. . .to come before God with a spirit of thanksgiving. [1] Give the Lord a special thanksgiving offering today as an act of gratitude for the things he has done and will do in your life by calling toll-free, writing, or visiting on-line and sowing into God’s kingdom through the worldwide outreach of Paula White ministries. 2) write down five things you are thankful for and include them when you write. In appreciation for your best thanksgiving offering unto God, Paula will send you her newest teaching series, “An Attitude of Gratitude,” featuring five messages on your choice of CD or DVD. Enter through his gates of thanksgiving this year through a life of greater blessing through an ‘Attitude of Gratitude.’

Wednesday, November 07, 2007

Mom's Group

This morning I went to a woman's/mom's group at a church in town. They have a nice set up: child care for a suggested donation of $2; the moms go to their own room, where they help themselves to coffee, pastries and fresh fruit. Each week, guest speakers pontificate on the theme for that week. Today it was "Transitions in Motherhood." Someone with a microphone in hand elaborated on the specifics of the topic: entering the workforce after having children. After the speakers talked, each table of women discussed the topical questions for the morning.

I left depressed. "That was hard," I told Kate afterwards. Kate attends twice per month. "I don't know how you do that." The odd thing was I couldn't articulate fully what teh problem was. It's not like anyone said one specific thing that knocked the wind out of me. It was more the sum of little things expressed that helped to construct the big picture for me--a picture of the mindset of many of these women in regard to motherhood, marriage and friendship with God.

I've learned, for instance, that the new hip thing to be these days is "Real." "Being Real" is the end game, from the way the first speaker talked about it. "I wish I could get up here and say I'm perfect and I've got all my issues straightened out, but I don't," she confessed. "I'm far from perfect!" She laughed and smiled and ended her talk soon after that, leaving us with the impression that simply saying you're having a hard time in life is tantamount to dealing with it and getting somewhere. Later, when a question from an audience member was directed at her [How do you overcome what others will think of you? How do you start beign real?], the speaker crossed her arms over her chest defensively and shrugged. I don't know, she said. I guess I just realized that my friends still liked me even when I went through hard times.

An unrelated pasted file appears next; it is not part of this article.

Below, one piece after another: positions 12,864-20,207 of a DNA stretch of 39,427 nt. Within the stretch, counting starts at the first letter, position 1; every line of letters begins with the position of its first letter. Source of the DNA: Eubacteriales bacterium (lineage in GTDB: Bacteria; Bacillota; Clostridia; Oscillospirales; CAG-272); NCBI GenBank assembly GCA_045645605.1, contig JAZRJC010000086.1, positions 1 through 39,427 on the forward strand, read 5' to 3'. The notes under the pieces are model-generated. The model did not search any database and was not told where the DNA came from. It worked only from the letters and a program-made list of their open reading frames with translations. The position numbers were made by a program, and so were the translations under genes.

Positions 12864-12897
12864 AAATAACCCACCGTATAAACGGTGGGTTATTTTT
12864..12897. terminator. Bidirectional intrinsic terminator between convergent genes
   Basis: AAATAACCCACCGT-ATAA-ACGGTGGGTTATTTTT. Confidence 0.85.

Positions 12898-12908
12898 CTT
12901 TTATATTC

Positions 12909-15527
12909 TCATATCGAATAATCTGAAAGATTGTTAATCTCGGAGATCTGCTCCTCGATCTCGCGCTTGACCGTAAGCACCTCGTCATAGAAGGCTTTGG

Some of the women at our discussion table expressed appreciation for people who could "be real and say 'I struggle with that, too.'" But I wonder if politely saying, "I struggle with that" is the same thing as Being Real. Saying "I struggle with that" is easy for me and doesn't involve a lot of emotional risk. What's hard (and humbling) is calling Kate up when I'm about to start sobbing from whiny children, and tell her I can't handle it. When I think of Being Real, I think of prayer times I've allowed myself to speak, uncensored, and cry if I needed to. Scream if I needed to. But that brings up the issue of prayer requests at this mom's group, which are written down at the end of our table's discussion and then emailed to, presumably, all forty women at the meeting. A women at my table was having trouble with her stepchildren questioning her authority. Another has a child with a severe developmental problem. Another "needs wisdom" on how to confront her parents. We don't, of course, talk about any of those things other than to get the story straight in order to write it down. The mother with the child with the developmental problem only alludes to her concern over the cost of diagnostic testing and the fact that she is worried over her son.

What's also in the water at this church is the idea that wives are called to aid/abet/assist their husbands in whatever they so desire. If husband wants to start a restaurant, she should not argue. If husband wants to move to Kenya, she should say "Okay, honey. What should I pack first." The oft-quoted-from text this morning was the book "Created to Be His Helpmeet," which gives wives handy profiles of the three main types of husbands and how one should tailor her responses based on the kind of husband she has. As one discussion group member put it, "If I say that it'll make him mad. So I better not say it."

What some of my discussion group also found inspiring was the idea of a "Priorities Umbrella System." It looks like this. "My relationship with God comes first. THen my marriage. My relationship with God is like an umbrella that covers my marriage and my marriage is the umbrella that covers my children." "How do we put our marriage (i.e. our husbands) first?" one of the questions asked. Our discussion facilitator described how it's hard for her to be constantly thinking about showing more love to her husband than the children. "He comes home and I'm cutting the kids' food and getting the drinks at dinner time and [she enacts looking over her shoulder] i'm like, 'how was your day?' So then my husband feels left out and asks when he gets to have time with me...." In this scene she paints, her husband appears entirely inactive. He is not helping cut chicken or green beans for the children. It's almost as if it's completley her job to figure out how to balance everything, make the kids disapear for a little while so she can be with the hubby. In the picture she paints he comes off in a bad light, a little spoiled, with little agency other than to whine, yet getting dinner and his wife handed to him on a silver platter.